My new home state, New Mexico is going quietly into a very bad night. The state-sized death trip is not irreversible, but every passing day of passive acceptance of the slide into coma makes recovery harder to pull off.
How are these for symptoms of decline? Demographers for years have noted the big changes in New Mexico, a disproportionate number of older people moving in, and a very disproportionate number of young people going elsewhere.
A recent report by Robert Salas in NM In Depth documented a sub-set of that story which should have been predictable, and certainly has been well-known to school officials — it is the cream of our state’s youth, the graduates of the University of New Mexico who are leading the parade out of state. And who can blame these first-class entrants into the job market, NM has the highest unemployment rate in the country.
Our Governor’s solution to this problem is austerity. The State has been saving money by unemploying teachers and staff and educating fewer university students. Budget cuts are reducing faculty slots and class offerings and institutionalizing what’s become a regular annual decline in matriculating students at both UNM and New Mexico State University. The planned shrinkage of educated people in New Mexico got a boost when the State Department of higher Education recently announced its plan to make things worse, by dropping the value of students’ state lottery scholarships from 90% of the cost of tuition to 60.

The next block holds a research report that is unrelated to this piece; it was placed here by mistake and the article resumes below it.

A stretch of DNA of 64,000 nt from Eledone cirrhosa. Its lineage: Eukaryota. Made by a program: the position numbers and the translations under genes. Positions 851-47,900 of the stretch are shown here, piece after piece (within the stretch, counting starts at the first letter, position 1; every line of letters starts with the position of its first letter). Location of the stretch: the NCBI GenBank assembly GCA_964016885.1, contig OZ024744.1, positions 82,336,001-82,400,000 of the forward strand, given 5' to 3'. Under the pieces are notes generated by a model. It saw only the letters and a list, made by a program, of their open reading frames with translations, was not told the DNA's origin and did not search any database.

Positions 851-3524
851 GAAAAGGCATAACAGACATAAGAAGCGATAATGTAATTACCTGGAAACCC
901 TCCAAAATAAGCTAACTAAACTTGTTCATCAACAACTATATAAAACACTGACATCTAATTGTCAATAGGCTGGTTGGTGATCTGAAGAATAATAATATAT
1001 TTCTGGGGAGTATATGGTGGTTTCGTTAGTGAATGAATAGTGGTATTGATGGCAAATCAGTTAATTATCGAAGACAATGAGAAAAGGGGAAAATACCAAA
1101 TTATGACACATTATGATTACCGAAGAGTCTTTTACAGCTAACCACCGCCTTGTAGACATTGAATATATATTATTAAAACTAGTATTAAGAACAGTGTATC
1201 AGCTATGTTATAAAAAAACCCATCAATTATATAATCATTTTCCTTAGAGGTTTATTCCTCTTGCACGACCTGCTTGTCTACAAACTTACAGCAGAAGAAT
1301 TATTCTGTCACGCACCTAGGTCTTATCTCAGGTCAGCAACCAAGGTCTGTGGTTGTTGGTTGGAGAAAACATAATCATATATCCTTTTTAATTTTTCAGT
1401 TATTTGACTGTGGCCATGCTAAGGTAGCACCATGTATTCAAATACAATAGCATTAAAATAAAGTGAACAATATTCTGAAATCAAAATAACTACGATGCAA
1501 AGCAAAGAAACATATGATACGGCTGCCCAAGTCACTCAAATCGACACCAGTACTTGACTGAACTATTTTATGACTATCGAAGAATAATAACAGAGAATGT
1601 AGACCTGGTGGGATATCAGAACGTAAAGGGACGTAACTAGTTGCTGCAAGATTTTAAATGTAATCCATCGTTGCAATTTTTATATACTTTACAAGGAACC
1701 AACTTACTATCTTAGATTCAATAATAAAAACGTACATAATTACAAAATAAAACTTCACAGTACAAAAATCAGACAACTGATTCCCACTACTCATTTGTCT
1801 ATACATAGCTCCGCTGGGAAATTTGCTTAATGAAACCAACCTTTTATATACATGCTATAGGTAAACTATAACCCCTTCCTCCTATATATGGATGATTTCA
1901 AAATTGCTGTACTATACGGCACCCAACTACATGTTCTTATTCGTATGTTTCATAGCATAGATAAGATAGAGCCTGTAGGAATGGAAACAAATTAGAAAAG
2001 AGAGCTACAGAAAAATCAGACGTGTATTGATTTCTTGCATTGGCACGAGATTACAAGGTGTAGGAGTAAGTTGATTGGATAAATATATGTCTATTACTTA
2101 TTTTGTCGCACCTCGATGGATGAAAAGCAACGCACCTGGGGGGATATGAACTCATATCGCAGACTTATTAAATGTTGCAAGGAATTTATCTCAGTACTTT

Although many fine graduates of UNM do choose to stay in state, in general, the quality of the local workforce is usually counted as a powerful negative by potential job creators. Gov. Martinez’ dissing would-be employers by dis-investing in higher education means accepting our other big negative, New Mexico is also the worst state in the country for poverty.
When I left for vacation, the Governor was showing her contempt for higher education and the Constitutional principle of the separation of powers by holding hostage the 2017 budgets for state colleges and universities, and for the operation of the State Legislature. Her vetoes had eliminated Legislative appropriations for each and they could only get their money restored in budget negotiation at during the upcoming Special Session.
Which, of course, they largely did, minus a few nips and tucks. The reputational damage to UNM, which is trying to recruit a new President and athletic director, was considered just a cost of doing political theater. And as to the spectacle of the executive branch squeezing the legislative, it’s of a piece with the executive’s starving the judiciary to the point where the then Chief Justice said Constitutional responsibilities were unfunded.
The state budget the Special Session approved contains the Governor’s promised “no new taxes,” but at the cost of millions in new obligations. To fund ongoing costs of operation, NM will use bonding authority usually used for capital items like highways or schools. And this year’s Special Session just about drained every one of the state’s rainy day funds. No new taxes, and no new investments, no new ideas, no steps to stop the bleeding.
This is a portrait of a state just laying itself down to die.
Matthew Reichbach is the editor of the NM Political Report. The former founder and editor of the NM Telegram, Matthew was also a co-founder of New Mexico FBIHOP with his brother and part of the original hirings at the groundbreaking website the New Mexico Independent. Matthew has covered events such as the Democratic National Convention and Netroots Nation and formerly published, “The Morning Word,” a daily political news summary for NM Telegram and the Santa Fe Reporter. A native New Mexican from Rio Rancho, Matthew’s family has been in New Mexico since the 1600s.